Chris was the brand new album that I was very much looking forward to. Having taken some effort to get both the original and English versions of Christine and the Queens' debut album in order to hear how it was originally envisioned and what was done to it, I was very pleased indeed that Chris offered parallel English- and French-based versions in the one package. Not all the songs are the same, with a handful only being available in one of the languages, but that's fine when it's equally easy for me to hear both.

Having said that, I decided to focus on just the English version initially to try and get familiar with the music. I'm not sure I know all of it equally well yet, but (as with the debut album) there is some very accomplished and catchy pop music here. Enjoyable riffs are abundant.

One of the older albums was Redemption Songs. I'd never connected with this as well as other Jars of Clay albums, until now. Essentially it consists of hymns and spirituals, but with many of them recomposed to some extent. It often has a quite old-fashioned feel to it, particularly in the words. I think I listened to it a few times when I first bought it, but not much after that. Apart from the two songs I had previously heard, the album tended to blend together for me. There was a lot of steady mid-tempo music.

This time around, though, by concentrating more, and splitting the album into two halves (CDs might have physically killed A- and B-sides, but I firmly believe that most albums are still conceived with them), I felt more shape to the music. There is a sort of basic, traditional "niceness" to Redemption Songs that means it doesn't plumb the emotional depths, but it's still a good listen.

The other album that was metaphorically picked up and dusted off was Star Wars, which I only have as a download because that was the way that Wilco offered it entirely free back in 2015. My records indicate I hadn't listened to it since 2015, and I suspect that might only have been once. Twice at the most. The collection of mostly 2- or 3-minute songs, and a total playing length under 34 minutes, simply hadn't the weight to make an impact.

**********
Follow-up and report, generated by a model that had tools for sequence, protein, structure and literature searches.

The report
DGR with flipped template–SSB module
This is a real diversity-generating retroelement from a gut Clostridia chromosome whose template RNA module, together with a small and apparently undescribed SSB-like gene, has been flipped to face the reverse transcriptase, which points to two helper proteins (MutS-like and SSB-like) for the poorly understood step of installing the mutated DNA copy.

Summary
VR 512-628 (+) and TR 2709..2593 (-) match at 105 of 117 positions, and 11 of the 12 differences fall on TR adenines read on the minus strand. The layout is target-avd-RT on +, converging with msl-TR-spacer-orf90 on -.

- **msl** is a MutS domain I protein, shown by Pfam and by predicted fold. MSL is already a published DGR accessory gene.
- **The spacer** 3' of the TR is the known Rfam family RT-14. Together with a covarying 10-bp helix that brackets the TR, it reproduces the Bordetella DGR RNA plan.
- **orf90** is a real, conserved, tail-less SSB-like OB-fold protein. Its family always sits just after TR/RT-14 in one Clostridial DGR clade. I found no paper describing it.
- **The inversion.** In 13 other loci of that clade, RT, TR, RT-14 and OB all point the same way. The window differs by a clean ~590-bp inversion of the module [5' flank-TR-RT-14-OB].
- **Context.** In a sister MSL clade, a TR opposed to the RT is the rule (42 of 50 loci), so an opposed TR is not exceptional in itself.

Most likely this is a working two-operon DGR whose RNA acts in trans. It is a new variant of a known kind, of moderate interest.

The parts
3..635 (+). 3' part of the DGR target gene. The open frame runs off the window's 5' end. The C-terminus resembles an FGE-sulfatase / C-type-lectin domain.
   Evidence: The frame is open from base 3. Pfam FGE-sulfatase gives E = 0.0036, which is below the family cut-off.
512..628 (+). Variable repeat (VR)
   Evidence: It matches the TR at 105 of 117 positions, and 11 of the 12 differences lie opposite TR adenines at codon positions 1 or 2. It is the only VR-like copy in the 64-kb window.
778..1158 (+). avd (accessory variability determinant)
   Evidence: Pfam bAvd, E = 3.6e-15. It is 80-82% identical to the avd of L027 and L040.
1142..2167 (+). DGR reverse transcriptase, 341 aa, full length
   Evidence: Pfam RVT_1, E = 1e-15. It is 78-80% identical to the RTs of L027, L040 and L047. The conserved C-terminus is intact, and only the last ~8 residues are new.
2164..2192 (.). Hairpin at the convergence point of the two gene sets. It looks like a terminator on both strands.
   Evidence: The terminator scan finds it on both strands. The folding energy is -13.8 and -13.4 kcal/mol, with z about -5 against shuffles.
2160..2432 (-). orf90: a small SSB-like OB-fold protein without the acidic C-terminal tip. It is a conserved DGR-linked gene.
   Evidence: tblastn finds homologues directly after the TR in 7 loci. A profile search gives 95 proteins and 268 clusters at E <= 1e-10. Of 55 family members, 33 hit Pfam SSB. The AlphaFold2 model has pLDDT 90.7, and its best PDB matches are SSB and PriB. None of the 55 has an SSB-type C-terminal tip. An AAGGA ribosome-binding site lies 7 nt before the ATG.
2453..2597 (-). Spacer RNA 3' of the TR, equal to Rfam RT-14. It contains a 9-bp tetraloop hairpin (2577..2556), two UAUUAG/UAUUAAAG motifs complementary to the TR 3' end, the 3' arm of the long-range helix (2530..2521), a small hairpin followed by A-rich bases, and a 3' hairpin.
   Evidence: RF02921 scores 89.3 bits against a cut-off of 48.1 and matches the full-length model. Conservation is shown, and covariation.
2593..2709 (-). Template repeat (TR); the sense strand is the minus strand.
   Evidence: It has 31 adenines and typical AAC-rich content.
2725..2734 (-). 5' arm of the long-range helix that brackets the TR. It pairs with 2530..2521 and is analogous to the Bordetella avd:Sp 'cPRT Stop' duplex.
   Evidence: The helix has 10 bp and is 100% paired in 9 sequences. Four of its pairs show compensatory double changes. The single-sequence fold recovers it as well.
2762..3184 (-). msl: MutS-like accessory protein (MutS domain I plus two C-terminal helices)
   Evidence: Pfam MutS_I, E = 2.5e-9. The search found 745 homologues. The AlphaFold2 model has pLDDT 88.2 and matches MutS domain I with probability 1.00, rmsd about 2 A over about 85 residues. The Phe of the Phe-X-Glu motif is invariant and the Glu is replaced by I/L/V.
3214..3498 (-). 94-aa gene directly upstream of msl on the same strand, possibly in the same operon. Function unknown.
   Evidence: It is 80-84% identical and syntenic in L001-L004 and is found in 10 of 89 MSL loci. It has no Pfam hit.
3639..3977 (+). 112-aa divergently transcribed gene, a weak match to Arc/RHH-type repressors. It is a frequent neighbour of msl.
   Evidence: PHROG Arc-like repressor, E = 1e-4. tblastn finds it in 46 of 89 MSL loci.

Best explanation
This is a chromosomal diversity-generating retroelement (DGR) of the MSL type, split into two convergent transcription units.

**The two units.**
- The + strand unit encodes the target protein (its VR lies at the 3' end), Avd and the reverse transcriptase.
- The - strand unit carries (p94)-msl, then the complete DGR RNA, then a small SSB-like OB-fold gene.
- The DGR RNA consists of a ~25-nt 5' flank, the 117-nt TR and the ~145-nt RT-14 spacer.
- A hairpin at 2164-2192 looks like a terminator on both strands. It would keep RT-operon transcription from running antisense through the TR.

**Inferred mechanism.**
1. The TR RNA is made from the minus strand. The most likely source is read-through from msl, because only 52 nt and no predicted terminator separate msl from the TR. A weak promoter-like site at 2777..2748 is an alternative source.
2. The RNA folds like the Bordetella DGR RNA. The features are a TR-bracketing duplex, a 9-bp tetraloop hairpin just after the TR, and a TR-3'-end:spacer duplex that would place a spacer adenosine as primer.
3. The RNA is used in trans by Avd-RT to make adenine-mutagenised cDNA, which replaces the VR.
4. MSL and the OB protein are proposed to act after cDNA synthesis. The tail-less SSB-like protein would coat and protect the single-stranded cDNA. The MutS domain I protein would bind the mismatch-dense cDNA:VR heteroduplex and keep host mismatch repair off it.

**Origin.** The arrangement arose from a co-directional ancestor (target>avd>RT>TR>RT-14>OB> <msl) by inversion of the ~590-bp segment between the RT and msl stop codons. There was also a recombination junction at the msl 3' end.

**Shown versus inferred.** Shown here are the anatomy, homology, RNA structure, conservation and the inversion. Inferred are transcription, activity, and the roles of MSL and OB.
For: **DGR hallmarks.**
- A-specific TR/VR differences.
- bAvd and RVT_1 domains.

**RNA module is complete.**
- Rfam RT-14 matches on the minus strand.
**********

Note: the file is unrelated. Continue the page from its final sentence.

But the same strategies I used for Redemption Songs also worked for Star Wars. It wasn't enough to make me think this is a great album, but it was definitely enough to make me think it's an album I will enjoy listening to, and so I will try to do that a bit more often from now on.

Tuesday, 1 January 2019

Classical Music - September 2018

Bach, J.S.
  • Selig ist der Mann (Blessed is the man)
  • Unser Mund sei voll Lachens (May our mouth be full of laughter)
  • Wir müssen durch viel Trübsal in das Reich Gottes eingehen  (We must pass through great sadness to enter into the Kingdom of God)
  • Süßer Trost, mein Jesus kömmt (Sweet comfort, my Jesus comes)
Barber - Toccata Festiva
Barber - Die Natali 
Beethoven - Diabelli Variations
Beethoven - String Quartets 13 and 14  
  • Symphonies 1 and 2
  • String Quartet No.3
  • Neue Liebeslieder 
  •  Sonnet: When Most I Wink
  •  If I Could Choose
  • The Primrose
  • A Dirge
  • The Devon Maid
  • Dawn and Evening
  • Two Songs after Heine
  • Blow, Blow Thou Winter Wind
  • Go Not, Happy Day
  • Night Lies on the Silent Highways
  • A Dead Violet
  • Cradle Song
  • Capriccio No.1
  • Etude Rhapsodique
  • Dramatic Fantasia
  • 3 Sketches for piano
  • 3 Pieces for piano
  • Miniature Pastorals, Set 1
  • Fairy Tale Suite
  • The Hour Glass
  • Cinq Poèmes de Baudelaire
  • Three Melodies (Verlaine)
  • Les Angelus
  • Two songs (Romance / Les Cloches)
  • Nuit d'étoiles
  • Fleur des blés
  • Mandoline
  • Voici que le printemps (Romance)
  • Symphony No.7 
  • Piano Trios 1 to 3
  • Serenade for flute, violin, viola and triangle
  • Romance in F minor (version for violin and piano)
  • Nocturne (version for violin and piano)
  • Capriccio for violin and piano
  • Mazurek for violin and pinao
  • Ballad for violin and piano
  • Slavonic Dances, series 1 (piano version)
  • Legends (piano version)
  • Dumka and Furiant for piano
  • Furiant for piano
  • Humoresque in  F sharp for piano